One of many highlights from my fun-filled holiday trip to California was a visit to Pink Floyd: Their Mortal Remains; an immersive exhibit covering the complete history of the legendary progressive rock band that even a casual Pink Floyd fan will flip out over. Given my extreme fondness for costume design, you can only imagine my delight in finding that one of the galleries included replicas of the enigmatic Lightbulb Suits seen on the cover and related artwork for the band’s 1988 live album, Delicate Sound of Thunder. Talk about an “Oh, Wow” moment.
In a career spanning more than five decades — as guitarist, singer and songwriter of Pink Floyd, and in his solo recordings and collaborations with other artists — David Gilmour has created a body of work that cements his legacy as one of the most influential rock musicians of all time. If you’ve ever wondered what it might be like to play one of Gilmour’s guitars, wonder no longer. Christie’s is preparing to bring to auction highlights from David Gilmour’s personal guitar collection on June 20th, 2019 in New York. Comprising more than 120 guitars, Gilmour’s collection focuses on a selection of his preferred Fender models including Broadcasters, Esquires, Telecasters and Stratocasters, led by a guitar as iconic and recognizable as the historic performances for which it was used – the 1969 Black Stratocaster (estimate: $100,000-150,000). Continue reading David Gilmour’s Guitar Collection Going Up For Auction at Christie’s!
Pink Floyd Left to Right: Nick Mason, David Gilmour, Rick Wright and Roger Waters.
Art Decade adopted its name from a Brian Eno-produced David Bowie instrumental track, which gives the band a sort of built-in, arsty fartsy clout right off the gate. Their new video for the song “Breeze” — soothing, Sunday morning orchestrated pop taken from the band’s 2012 album Western Sunrise — was filmed on a beach with bunch of 3-D geometric effects tossed in during post production. The visual result is like Pink FLoyd’s Dark Side of the Moon…on the Beach.
Here’s what Ben Talmi, Art Decade’s vocalist/guitarist/arranger has to say about this clip: “With the animation skills of Whitney Alexander and Kipp Jarden, I saw the opportunity to combined the Impressionistic styles of painters like Degas, Renoir and Turner with the world of surrealists like Dali and Ernst in a setting of the beach, which was influenced by Ingmar Bergman’s The Seventh Seal and Federico Fellini’s 8 1/2. The animated subconscious dreamscapes Whit and Kipp created in the video are just like what I see when I close my eyes.”
Art Decade is putting the finishing touches on 11 songs that will make up their new self-titled album due in September of 2013. Enjoy!
Here’s another exhibit that we checked out on a whim during last Thursday’s very rewarding art crawl, only to have it end up as one of the highlights of the evening: Blue Jean Blues by Korean contemporary artist Kim Joon. For his newest series of digital prints, Kim uses porcelain as his digital medium, putting him at the forefront of the new-media movement.
In Blue Jean Blues Kim, who is based in Seoul, Korea, explores themes of desire, memory and youth. Using porcelain, Kim fabricates compositions out of tableware, fragments of idealized nudes and icons of Western pop culture; including musical instruments, cars and guns. Showcasing his fine skill with the computer software 3D Studio Max, Kim coats the white backgrounds and surfaces of objects with pop-culture imagery. He successfully juxtaposes old and new, traditional Asian motifs and new media.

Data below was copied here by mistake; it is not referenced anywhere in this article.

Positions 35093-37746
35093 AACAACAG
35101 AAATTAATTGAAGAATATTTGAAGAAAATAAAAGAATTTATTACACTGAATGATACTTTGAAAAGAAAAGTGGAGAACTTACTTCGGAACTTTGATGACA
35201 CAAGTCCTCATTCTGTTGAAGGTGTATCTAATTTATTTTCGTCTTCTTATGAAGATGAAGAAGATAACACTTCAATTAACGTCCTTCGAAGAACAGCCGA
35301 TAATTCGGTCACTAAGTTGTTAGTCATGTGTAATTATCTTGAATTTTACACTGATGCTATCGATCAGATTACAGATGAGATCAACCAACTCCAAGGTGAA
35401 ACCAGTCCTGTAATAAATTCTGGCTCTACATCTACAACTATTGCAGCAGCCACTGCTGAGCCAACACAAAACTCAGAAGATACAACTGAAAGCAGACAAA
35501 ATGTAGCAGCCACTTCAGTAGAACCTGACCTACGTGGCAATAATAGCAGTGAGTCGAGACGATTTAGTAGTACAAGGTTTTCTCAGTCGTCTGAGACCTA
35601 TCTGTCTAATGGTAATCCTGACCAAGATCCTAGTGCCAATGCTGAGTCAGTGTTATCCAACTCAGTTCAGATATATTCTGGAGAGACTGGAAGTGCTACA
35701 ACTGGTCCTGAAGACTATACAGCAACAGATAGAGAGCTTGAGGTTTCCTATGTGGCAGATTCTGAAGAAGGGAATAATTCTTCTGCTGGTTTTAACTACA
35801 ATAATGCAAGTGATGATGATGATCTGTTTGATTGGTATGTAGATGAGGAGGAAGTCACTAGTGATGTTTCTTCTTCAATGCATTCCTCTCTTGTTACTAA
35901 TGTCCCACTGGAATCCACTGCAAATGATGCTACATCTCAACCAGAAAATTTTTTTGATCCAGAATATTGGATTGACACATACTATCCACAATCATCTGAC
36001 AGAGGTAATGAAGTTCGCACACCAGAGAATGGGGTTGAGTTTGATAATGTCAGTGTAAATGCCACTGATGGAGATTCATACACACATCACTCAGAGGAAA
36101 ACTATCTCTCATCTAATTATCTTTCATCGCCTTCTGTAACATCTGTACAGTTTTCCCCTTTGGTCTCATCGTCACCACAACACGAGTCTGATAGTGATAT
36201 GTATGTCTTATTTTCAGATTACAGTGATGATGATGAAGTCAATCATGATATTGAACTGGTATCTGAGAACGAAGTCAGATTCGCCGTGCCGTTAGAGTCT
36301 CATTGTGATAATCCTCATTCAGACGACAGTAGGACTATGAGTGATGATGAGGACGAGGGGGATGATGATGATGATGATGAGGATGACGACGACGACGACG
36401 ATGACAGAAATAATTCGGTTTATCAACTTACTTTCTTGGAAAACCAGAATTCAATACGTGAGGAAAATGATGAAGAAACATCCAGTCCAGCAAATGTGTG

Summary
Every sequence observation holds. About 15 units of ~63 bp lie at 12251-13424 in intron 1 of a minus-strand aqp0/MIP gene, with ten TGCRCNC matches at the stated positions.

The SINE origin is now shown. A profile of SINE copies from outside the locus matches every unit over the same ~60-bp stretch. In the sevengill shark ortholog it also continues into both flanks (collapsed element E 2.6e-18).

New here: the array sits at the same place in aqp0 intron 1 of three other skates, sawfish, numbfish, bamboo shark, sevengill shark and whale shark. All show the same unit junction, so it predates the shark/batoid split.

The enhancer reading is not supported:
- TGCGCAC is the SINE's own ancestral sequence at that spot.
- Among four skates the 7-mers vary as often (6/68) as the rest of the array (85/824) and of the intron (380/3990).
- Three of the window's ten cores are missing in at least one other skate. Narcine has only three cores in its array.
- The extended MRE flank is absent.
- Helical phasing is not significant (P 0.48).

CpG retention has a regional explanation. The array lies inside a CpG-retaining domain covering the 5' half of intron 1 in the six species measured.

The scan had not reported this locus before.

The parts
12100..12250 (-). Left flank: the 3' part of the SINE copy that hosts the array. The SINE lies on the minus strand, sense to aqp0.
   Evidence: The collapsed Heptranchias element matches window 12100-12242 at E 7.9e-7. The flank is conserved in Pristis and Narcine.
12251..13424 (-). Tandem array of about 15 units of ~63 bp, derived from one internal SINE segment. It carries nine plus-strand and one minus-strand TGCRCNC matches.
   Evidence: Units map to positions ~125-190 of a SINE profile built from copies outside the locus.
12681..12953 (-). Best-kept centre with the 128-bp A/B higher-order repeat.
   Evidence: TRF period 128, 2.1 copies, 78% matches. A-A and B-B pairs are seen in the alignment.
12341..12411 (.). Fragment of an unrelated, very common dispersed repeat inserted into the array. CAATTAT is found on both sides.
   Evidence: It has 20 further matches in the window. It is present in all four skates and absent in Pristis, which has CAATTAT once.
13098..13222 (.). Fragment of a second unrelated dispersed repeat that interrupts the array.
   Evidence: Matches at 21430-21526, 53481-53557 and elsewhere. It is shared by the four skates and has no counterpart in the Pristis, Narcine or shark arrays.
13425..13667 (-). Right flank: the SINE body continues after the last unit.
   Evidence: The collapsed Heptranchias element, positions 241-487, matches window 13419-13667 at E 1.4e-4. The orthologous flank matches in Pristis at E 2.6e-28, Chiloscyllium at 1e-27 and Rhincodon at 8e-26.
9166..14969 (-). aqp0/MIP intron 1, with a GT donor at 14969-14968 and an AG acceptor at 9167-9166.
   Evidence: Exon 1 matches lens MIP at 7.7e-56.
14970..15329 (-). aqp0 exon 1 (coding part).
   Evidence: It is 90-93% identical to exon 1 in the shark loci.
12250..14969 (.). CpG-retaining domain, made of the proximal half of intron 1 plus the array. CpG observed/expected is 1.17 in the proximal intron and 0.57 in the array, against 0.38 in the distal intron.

Reality and fantasy collide as tiny sculptures of blue jeans take on a life of their own and inhabit their virtual surroundings – perching on an oversized guitar in Blue Jean Blues – Jimi Hendrix and a classic car in Blue Jean Blues – Rebel without a Cause – alluding to society’s desire for material objects as well as nostalgic obsessions and attachments. The cultural symbolism associated with jeans is also the artist’s lament for the fading memory of his social resistance – expressed in earlier work through a fascination with tattoos.
My favorite part of this exhibit is a series that the artist calls “Rockers” — each of which features a cast porcelain wrist and hand (sometimes backed by a plate or bowl) in the act of “throwing metal.” Each hand is decorated with a band’s name along with member likenesses or song titles made famous by that specific band. Unbelievably cool! Any one of the Rockers series would be a fabulous addition to a collection of contemporary works.
Kim Joon’s Blue Jean Blues will be on Exhibit Through October 6th, 2012 at Sundaram Tagore Gallery, Located at 547 West 27th Street, Street Level, New York City. Gallery Hours are Tuesday – Saturday 10:00 AM – 6:00 PM.
From The Sock Covers by Photographer Thom Moore, who recreates classic album covers using only his socks.
On This Date In 1973: Pink Floyd released their eighth studio album, The Dark Side Of The Moon in the US. It remained in the US charts for 741 discontinuous weeks from 1973 to 1988, longer than any other album in history. After moving to the Billboard Top Pop Catalog Chart, the album notched up a further 759 weeks, and had reached a total of over 1,500 weeks on the combined charts by May 2006. With an estimated 45 million copies sold, it is Pink Floyd’s most commercially successful album and one of the best-selling albums worldwide. Songs on the album were heavily inspired by former Pink Floyd vocalist/ guitarist and founding member, Syd Barrett, who left the band in 1968 (to be replaced by David Gilmour) due to his declining mental state.